By Molly Snyder Senior Writer Published Aug 18, 2016 at 3:03 PM

My sister, who lives in Atlanta and saw coverage of the Milwaukee riots on CNN, contacted me on Sunday to make sure I was OK. "It looks like the entire city is on fire," she said.

It has been many years since she lived in Milwaukee, but I reminded her that even though the Sherman Park neighborhood is only a few minutes' drive from my house in Walker’s Point, it was a world away. I assured her I was not in any harm, which was reassuring to her as well as to me, but I also found it depressing. 

I was "safe" because of segregation.

Annette French, who lives near Brady Street, heard from a number of her out-of-state Facebook friends who were concerned about the chaos in the city. She told them that the same thing I told my sister: Even though she was only a mile or two away, she was not in danger.

"It's been stated in the press that Milwaukee is one of the most segregated cities in the U.S., and I guess that's the unfortunate reason that I can be relatively close but still basically unaffected by the turmoil," says French. "It is an incredibly complex issue that I'm just glad people are talking about. It's the only way to move forward, and I hope that is the direction this goes."

French did, however, smell the fire from burning buildings on Saturday night.

"After a family reunion, several of us decided to sleep out in my backyard, hoping to catch a meteor or two," says French. "The air was filled with the distant smell of burning tires and fuel. We didn't know what it was from until the next morning, but we knew it was something major."

French was "safe" because of segregation.

Anyone who lives in Milwaukee should know that segregation has been a problem here for generations. Numerous books, studies and articles, like "Why is Milwaukee so bad for black people?" by Kenya Downs, really break down Milwaukee's de facto segregation.

This blog simply reflects the irony of people living minutes from a neighborhood in strife and yet experience it like the rest of the country: through social media and television. Just blocks away, people were pained, injured and even dying, but many of us were virtually at no risk.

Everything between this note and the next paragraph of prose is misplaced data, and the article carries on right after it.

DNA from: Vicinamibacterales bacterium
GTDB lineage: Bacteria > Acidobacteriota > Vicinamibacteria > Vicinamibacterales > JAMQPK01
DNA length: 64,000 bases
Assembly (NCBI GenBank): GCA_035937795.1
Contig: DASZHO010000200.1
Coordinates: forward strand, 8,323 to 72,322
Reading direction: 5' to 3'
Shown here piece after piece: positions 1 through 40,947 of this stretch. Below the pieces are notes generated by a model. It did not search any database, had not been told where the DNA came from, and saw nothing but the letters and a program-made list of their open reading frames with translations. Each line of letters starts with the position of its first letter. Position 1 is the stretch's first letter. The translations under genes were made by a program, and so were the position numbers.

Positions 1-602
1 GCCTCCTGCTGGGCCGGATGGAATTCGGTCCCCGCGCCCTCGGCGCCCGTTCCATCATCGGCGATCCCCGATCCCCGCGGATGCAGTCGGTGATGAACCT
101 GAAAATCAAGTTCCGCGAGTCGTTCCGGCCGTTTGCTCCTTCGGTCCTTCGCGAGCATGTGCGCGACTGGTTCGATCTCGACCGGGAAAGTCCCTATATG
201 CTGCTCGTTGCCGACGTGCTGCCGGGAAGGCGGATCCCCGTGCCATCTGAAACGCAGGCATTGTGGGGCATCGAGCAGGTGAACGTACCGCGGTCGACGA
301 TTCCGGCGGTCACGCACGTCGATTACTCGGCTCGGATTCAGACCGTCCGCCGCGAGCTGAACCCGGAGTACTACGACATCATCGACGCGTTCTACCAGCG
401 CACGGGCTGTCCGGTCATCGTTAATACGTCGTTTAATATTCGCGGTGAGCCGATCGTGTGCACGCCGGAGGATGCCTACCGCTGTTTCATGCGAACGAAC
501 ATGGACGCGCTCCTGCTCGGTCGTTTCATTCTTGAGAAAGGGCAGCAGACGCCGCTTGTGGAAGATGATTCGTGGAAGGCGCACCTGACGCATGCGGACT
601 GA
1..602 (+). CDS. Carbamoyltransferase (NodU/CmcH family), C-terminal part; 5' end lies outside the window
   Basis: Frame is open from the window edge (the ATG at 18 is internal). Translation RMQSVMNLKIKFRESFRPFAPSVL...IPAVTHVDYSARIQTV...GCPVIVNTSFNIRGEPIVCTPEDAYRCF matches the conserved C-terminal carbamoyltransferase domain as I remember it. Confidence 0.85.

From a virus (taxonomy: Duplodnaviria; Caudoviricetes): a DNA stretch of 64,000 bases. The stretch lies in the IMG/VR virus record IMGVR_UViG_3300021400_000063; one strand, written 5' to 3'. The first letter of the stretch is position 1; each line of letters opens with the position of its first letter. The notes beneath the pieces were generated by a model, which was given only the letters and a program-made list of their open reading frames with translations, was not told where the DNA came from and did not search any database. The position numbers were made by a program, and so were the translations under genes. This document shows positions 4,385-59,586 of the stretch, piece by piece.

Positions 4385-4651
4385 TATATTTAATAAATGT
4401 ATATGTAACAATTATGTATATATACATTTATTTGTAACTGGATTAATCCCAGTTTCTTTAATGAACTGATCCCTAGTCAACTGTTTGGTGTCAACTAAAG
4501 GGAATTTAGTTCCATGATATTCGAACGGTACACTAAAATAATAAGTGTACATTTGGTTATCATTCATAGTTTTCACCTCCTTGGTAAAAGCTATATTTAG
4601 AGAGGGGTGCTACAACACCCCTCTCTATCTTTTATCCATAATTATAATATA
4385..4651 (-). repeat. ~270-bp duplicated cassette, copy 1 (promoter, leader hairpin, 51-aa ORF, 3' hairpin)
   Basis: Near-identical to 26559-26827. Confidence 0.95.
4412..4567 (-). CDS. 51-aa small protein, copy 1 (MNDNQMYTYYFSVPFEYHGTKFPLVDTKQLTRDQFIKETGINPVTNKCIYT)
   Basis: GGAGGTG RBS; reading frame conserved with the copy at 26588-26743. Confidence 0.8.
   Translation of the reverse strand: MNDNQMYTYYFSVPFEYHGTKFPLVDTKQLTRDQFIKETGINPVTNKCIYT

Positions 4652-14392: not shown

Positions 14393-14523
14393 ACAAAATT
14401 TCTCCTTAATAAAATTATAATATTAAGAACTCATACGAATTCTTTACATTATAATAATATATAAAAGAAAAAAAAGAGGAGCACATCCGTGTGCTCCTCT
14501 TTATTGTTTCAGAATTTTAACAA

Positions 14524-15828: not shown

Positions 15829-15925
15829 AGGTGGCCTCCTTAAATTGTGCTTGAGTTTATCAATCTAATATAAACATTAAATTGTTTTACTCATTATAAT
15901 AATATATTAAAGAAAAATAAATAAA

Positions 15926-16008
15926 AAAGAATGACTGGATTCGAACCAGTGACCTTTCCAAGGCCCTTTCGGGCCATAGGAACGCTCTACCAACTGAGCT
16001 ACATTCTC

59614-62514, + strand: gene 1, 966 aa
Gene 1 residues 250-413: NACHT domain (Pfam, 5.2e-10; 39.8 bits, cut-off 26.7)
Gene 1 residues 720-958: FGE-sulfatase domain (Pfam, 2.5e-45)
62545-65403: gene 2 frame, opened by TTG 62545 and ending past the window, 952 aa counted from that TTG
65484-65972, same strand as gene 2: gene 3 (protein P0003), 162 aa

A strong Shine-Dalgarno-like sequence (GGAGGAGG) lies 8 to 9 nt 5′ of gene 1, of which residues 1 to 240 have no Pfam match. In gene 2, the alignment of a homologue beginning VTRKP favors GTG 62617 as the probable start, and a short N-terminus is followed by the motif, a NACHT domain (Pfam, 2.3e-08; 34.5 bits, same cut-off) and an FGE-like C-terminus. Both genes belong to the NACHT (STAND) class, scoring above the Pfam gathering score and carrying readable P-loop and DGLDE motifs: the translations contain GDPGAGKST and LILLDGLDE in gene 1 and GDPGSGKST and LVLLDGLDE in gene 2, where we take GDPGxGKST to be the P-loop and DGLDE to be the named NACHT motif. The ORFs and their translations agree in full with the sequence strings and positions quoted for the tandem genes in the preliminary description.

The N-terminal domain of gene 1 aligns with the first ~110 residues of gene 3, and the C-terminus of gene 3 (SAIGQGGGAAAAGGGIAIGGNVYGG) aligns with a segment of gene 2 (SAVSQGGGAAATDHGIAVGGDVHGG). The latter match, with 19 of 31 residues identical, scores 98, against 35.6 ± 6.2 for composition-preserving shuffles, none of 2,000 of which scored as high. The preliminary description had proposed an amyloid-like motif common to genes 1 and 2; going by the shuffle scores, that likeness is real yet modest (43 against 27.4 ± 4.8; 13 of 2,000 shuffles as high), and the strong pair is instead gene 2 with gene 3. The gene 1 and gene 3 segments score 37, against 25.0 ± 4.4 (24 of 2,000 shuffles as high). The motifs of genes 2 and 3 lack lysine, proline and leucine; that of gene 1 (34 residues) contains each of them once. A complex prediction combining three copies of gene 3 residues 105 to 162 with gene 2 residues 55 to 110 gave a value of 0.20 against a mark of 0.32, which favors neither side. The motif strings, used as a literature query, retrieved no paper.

Amanda Rose was in Riverwest, and she could smell the fire too, but couldn't see or feel any other signs of disturbance.

"The smell of smoke filtered into my daughter's bedroom. It was a hot night, and I found myself closing the windows to shut out the smell. That was a powerful moment, actually. The realization I could easily and swiftly shut out the violence saddened me as I considered how close in proximity yet how far removed experientially I really was from all of it," says Rose.

"I live side by side with people of color and never feel anything close to the pain and fear they experience. If the violence or the rioting becomes too overwhelming, I can close my windows and walk away. It doesn't have to touch me if I don't want to let it in."

Rose was "safe" because of segregation.

Molly Snyder started writing and publishing her work at the age 10, when her community newspaper printed her poem, "The Unicorn.” Since then, she's expanded beyond the subject of mythical creatures and written in many different mediums but, nearest and dearest to her heart, thousands of articles for OnMilwaukee.

Molly is a regular contributor to FOX6 News and numerous radio stations as well as the co-host of "Dandelions: A Podcast For Women.” She's received five Milwaukee Press Club Awards, served as the Pfister Narrator and is the Wisconsin State Fair’s Celebrity Cream Puff Eating Champion of 2019.